Google has exited the smartphone manufacturing business and shored up Android's legal defenses in the smartphone patent wars in a single week. The technology giant sold off Motorola Mobility to Lenovo in a US $12.5-billion deal on Wednesday that allowed it to hold onto most of Motorola's patent portfolio.
The sale of Motorola Mobility also comes hot on the heels of Google's huge patent-licensing agreement with Samsung this week, according to Bloomberg News. Together, the two deals allow Google to take a better defensive posture against mobile operating system rivals such as Apple and Microsoft—a necessary step in a time when patents have become legal weapons in the ongoing battle for smartphone market dominance.
"The reason [Google] didn't give all the patents to Lenovo was to create an umbrella for Android," said Mark Harris, a contributing editor to IEEE Spectrum, who recently reported on how Kodak lost out in its attempt to cash in on its patent trove. "This gives it a defensive shield against Microsoft and other big patent holders."
The sale seems to confirm the suspicions of Harris and others that Google had its eyes on Motorola's patents all along when it first bought the smartphone manufacturer in 2011. Google acquired Motorola not long after losing out in a bidding war for more than 6000 patents from Nortel in 2011. Those Nortel patents ended up in the hands of the Rockstar Consortium, headed by Apple and Microsoft, during a time when Android's survival seemed in jeopardy.
"The main motivation in buying Motorola was patents," Harris explained. "[Google] missed out on the Nortel deal, felt very vulnerable on the state of Android with lawsuits coming at them, and needed fresh ammunition."
Google's $2.9 billion sale of Motorola Mobility to Lenovo has also sparked debate about whether the technology giant got its money's worth in the patents left over from its original $12.5 billion acquisition of Motorola. Part of the answer comes from figuring out how much Google paid for Motorola's patent portfolio—calculations carried out by Harris and others in the wake of the deal.
Motorola had about $2.9 billion in cash when Google bought the smartphone manufacturer, which effectively brought down Motorola's original selling price of $12.5 billion to $9.6 billion. Google's subsequent sale of Motorola Mobility's home business to Arris ($2.35 billion) and now Motorola Mobility to Lenovo ($2.91 billion) means Google paid about $4.34 billion out of pocket for most of Motorola's patents, Harris calculated
But Google also recorded almost $2.24 billion in operating losses for Motorola, based on the company's latest earnings report released on Thursday. The technology giant could offset the operating losses with $2.4 billion in deferred tax loss assets, according to ZDNet. However, it's unclear whether Google gets to keep the tax losses in the sale of Motorola Mobility to Lenovo.
The bottom line is that if Google gets the tax loss assets, it would have effectively bought Motorola's patents for about $4.18 billion. If it didn't get to keep the tax losses, it would have paid about $6.58 billion.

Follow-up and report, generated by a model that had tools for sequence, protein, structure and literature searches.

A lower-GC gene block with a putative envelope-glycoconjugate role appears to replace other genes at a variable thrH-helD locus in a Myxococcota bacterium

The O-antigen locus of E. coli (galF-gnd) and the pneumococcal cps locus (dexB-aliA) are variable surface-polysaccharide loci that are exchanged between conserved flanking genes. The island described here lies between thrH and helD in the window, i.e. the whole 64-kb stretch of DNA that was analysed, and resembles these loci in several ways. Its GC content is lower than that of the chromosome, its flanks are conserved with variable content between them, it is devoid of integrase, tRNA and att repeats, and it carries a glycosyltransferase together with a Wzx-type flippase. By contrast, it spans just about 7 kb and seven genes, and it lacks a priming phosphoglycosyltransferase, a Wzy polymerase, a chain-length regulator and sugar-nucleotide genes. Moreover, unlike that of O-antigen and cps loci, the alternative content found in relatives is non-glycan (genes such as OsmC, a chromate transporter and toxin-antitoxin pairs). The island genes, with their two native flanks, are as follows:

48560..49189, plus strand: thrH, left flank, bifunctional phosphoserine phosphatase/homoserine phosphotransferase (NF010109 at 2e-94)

That leaves the question of how much Motorola's patents are really worth. Google's past regulatory filings with the Securities and Exchange Commission reveal that the company valued Motorola's patent portfolio at $5.5 billion, according to Engadget. But are Motorola's patents really worth that much?
The history of patents has shown how valuing patents can be a tricky business. Analysts' valuations of patent portfolios have often been wildly off compared to the actual bidding prices. (In Harris' feature article in the February issue of IEEE Spectrum he explains why Kodak's rich patent portfolio only ended up fetching pennies on the dollar.)
In Google's case, the value it gets from Motorola's patents depends on its strategy of building up a huge patent portfolio as a shield against patent litigation by rivals. Google also reinforced its defensive posture by reaching a cross-licensing agreement with Samsung earlier this week—a deal that will allow both companies to share patents for the next 10 years. Harris suspects the Motorola sale to Lenovo also includes a cross-licensing deal for some of the Motorola patents.
"A cross-licensing patent deal is the safe way of doing things," Harris said. "No one gets scared, business relations remain intact, everybody is happy."
The Motorola sale also signals Google bowing out of the smartphone manufacturing business. That could reassure Android phone partners such as Samsung, who will no longer worry that Google might favor its own in-house smartphone manufacturer with early Android updates. And it leaves Google free to focus on promoting and protecting Android in the future.
Photo: Nacho Doce/Reuters
Jeremy Hsu has been working as a science and technology journalist in New York City since 2008. He has written on subjects as diverse as supercomputing and wearable electronics for IEEE Spectrum. When he’s not trying to wrap his head around the latest quantum computing news for Spectrum, he also contributes to a variety of publications such as Scientific American, Discover, Popular Science, and others. He is a graduate of New York University’s Science, Health & Environmental Reporting Program.